Consumer Protection

Consumer protection laws are designed to ensure fair competition and the free flow of truthful information in the marketplace. The laws are designed to prevent businesses that engage in fraud or specified unfair practices from gaining an advantage over competitors and may provide additional protection for the weak and those unable to take care of themselves. Consumer Protection laws are a form of government regulation which aim to protect the interests of consumers. For example, a government may require businesses to disclose detailed information about products—particularly in areas where safety or public health is an issue, such as food.

There's a specialist from your university waiting to help you with that essay.
Tell us what you need to have done now!


order now

Consumer protection is linked to the idea of “consumer rights” (that consumers have various rights as consumers), and to the formation of consumer organizations which help consumers make better choices in the marketplace. Consumer is defined as someone who acquires goods or services for direct use or ownership rather than for resale or use in production and manufacturing. [1] Consumer interests can also be protected by promoting competition in the markets which directly and indirectly serve consumers, consistent with economic efficiency, but this topic is treated in Competition law.

Consumer protection can also be asserted via non-government organizations and individuals as consumer activism. Consumer law “Consumer protection law” or “consumer law” is considered an area of law that regulates private law relationships between individual consumers and the businesses that sell those goods and services. Consumer protection covers a wide range of topics, including but not necessarily limited to product liability, privacy rights, unfair business practices, fraud, misrepresentation, and other consumer/business interactions.

Such laws deal with credit repair, debt repair, product safety, service and sales contracts, bill collector regulation, pricing, utility turnoffs, consolidation, personal loans that may lead to bankruptcy and much more. The Consumer Protection Act, 1986 The Act enshrines all the consumers’ rights which are internationally accepted. As per the Act, the consumer protection councils have been established at Central, State and District levels to promote and protect the consumer rights.

They are: * Right to Safety: To be protected against the sale of goods and services which are spurious/hazardous for the life. * Right to Information: To know the quality, quantity, weight and the price of goods/services being paid for, so that one is not cheated by unfair trade practices. * Right to Choose: To be assured, wherever possible, access to a variety of goods and services at competitive prices. * Right to be Heard: To be heard and to be assured that the interest would receive due consideration at appropriate fora. Right to Seek Redressal: To seek legal redressal against unfair or restrictive trade practices or exploitation. * Right to Consumer Education: To have access to consumer education. At present there are 35 State Commissions, one in each State/UT and 571 district forum besides the National Commission. The state governments are responsible to set up the district forum and the State Commissions. States have been empowered to establish additional District Forum and also additional members in the State Commission to facilitate constituting benches and also for holding circuit benches.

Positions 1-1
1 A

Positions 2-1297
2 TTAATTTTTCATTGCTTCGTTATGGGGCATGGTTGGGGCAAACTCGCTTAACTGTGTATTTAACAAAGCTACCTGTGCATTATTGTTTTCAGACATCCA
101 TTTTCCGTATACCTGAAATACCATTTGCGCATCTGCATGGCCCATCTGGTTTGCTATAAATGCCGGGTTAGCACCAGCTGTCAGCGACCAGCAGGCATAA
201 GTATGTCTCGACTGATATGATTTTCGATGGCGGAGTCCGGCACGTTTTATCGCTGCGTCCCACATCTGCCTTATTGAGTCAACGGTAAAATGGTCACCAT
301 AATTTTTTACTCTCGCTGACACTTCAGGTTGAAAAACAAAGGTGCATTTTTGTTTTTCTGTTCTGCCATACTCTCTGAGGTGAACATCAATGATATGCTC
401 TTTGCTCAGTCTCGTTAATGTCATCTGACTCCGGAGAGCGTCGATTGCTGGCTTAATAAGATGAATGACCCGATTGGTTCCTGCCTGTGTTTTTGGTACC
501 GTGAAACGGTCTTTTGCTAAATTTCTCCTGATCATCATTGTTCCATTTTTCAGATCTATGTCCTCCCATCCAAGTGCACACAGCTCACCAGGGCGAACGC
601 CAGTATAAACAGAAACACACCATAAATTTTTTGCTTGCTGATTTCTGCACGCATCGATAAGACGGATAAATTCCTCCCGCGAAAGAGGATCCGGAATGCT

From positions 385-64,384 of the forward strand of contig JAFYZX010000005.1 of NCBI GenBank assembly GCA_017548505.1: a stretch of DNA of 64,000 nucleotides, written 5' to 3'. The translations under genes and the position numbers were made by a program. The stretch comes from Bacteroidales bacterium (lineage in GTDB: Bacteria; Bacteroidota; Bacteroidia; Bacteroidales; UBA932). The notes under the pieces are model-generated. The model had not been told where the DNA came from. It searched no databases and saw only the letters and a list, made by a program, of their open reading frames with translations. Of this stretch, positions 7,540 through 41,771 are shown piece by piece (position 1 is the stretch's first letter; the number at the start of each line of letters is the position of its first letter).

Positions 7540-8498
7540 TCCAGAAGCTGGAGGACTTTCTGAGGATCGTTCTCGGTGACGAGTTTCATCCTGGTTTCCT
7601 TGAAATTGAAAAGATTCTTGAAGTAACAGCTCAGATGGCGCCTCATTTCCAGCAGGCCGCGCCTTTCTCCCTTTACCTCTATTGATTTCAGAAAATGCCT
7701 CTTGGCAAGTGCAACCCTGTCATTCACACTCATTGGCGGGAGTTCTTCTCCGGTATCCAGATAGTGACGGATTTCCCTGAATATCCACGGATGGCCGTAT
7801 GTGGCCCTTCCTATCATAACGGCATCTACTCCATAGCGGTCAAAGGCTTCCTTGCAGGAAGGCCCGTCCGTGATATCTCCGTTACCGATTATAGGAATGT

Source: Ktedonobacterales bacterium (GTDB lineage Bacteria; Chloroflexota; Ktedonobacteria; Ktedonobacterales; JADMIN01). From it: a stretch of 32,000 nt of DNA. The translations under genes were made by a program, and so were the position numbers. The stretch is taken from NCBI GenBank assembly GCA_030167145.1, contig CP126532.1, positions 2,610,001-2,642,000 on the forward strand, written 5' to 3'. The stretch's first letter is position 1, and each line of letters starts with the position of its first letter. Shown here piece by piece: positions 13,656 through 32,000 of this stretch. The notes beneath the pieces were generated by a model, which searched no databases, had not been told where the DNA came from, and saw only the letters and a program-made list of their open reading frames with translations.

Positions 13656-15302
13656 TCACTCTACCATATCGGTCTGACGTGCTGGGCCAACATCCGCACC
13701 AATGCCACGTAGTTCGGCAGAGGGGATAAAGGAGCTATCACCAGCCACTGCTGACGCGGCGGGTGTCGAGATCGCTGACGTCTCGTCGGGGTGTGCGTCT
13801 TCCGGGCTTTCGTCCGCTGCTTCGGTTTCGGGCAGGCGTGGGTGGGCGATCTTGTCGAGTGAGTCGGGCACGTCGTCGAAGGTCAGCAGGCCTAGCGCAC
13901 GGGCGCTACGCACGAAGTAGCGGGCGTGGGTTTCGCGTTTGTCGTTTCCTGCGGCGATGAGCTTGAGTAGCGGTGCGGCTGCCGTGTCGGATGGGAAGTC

The Central Government is required to set up the National Commission. It has been empowered to appoint additional members to facilitate creation of more benches and holding of circuit benches. The second bench of the National Commission started functioning from 24 September 2003. The government is monitoring the disposal of cases by the consumer courts through National Commission. Since its inception and up to March 2004, 32,910 cases were filed out of which 24,974 cases disposed of in the National Commission.

Similarly 3,01,485 cases were filed and 1,97,797 cases disposed of in the State Commissions and 18,86,236 cases were filed and 16,46,698 cases disposed of in the district forum. Overall 18,69,469 cases have been disposed of out of 22,20,631 cases filed with a remarkable disposal rate of 84. 2 per cent. The government has declared 24 December as ‘National Consumer Day’, since the President gave his assent on that day to the enactment of the historic Consumer Protection Act, 1986. Besides this, 15 March is observed as ‘World Consumer Rights Day’ every year. .

Leave a Reply

Your email address will not be published. Required fields are marked *